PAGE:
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Jenkins Documentation

Jenkins is a self-contained, open source automation server which can be used to automate all sorts of tasks such as building, testing, and deploying software. Jenkins can be installed through native system packages, Docker, or even run standalone by any machine with the Java Runtime Environment installed.

Guided Tour

This guided tour will use the "standalone" Jenkins distribution which requires a minimum of Java 7, though Java 8 is recommended. A system with more than 512MB of RAM is also recommended.

  1. Download Jenkins.

  2. Open up a terminal in the download directory and run java -jar jenkins.war

  3. Browse to http://localhost:8080 and follow the instructions to complete the installation.

  4. Many Pipeline examples require an installed Docker on the same computer as Jenkins.

When the installation is complete, start putting Jenkins to work and create a Pipeline.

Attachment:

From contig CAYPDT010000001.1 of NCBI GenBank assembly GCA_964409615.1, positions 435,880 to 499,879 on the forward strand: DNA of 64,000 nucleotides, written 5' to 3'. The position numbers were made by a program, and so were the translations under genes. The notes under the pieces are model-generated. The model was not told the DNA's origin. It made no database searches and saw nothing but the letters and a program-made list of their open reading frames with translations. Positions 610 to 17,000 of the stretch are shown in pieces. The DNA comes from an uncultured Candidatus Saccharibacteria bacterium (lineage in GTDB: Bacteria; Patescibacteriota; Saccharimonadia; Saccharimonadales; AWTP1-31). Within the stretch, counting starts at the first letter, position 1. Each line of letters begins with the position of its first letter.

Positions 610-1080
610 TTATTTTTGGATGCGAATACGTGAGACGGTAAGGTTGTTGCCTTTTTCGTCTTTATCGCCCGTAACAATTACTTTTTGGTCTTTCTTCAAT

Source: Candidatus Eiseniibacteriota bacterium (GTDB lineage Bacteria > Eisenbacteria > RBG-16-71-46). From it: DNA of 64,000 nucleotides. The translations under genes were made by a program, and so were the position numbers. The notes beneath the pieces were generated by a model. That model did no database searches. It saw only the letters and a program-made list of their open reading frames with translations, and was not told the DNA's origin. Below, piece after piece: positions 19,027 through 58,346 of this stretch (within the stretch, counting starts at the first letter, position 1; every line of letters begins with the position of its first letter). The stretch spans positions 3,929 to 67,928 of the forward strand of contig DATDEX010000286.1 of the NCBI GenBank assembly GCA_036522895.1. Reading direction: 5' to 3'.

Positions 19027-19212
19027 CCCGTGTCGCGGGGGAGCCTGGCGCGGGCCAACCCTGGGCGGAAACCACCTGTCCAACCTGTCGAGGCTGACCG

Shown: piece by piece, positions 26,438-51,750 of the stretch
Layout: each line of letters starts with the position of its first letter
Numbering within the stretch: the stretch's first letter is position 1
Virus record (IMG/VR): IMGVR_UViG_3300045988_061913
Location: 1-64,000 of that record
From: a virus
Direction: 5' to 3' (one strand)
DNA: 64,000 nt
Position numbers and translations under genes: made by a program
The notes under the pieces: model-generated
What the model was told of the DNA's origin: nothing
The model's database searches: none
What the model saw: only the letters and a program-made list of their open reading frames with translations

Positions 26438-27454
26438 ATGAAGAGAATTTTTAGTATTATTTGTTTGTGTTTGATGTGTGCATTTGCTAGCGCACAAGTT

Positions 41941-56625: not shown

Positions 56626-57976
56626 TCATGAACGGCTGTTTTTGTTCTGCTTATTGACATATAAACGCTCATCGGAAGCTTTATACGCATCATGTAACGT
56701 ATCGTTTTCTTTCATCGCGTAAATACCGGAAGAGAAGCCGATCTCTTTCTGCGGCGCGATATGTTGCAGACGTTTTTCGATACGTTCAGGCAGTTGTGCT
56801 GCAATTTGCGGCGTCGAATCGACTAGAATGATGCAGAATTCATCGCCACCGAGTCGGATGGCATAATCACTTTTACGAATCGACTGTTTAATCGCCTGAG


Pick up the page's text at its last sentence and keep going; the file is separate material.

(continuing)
Jenkins Pipeline is a suite of plugins which supports implementing and integrating continuous delivery pipelines into Jenkins. Pipeline provides an extensible set of tools for modeling simple-to-complex delivery pipelines "as code".

A Jenkinsfile is a text file that contains the definition of a Jenkins Pipeline and is checked into source control. [1] This is the foundation of "Pipeline-as-Code"; treating the continuous delivery pipeline a part of the application to be version and reviewed like any other code. Creating a Jenkinsfile provides a number of immediate benefits:

  • Automatically create Pipelines for all Branches and Pull Requests

  • Code review/iteration on the Pipeline

  • Audit trail for the Pipeline

  • Single source of truth [2] for the Pipeline, which can be viewed and edited by multiple members of the project.

While the syntax for defining a Pipeline, either in the web UI or with a Jenkinsfile, is the same, it’s generally considered best practice to define the Pipeline in a Jenkinsfile and check that in to source control.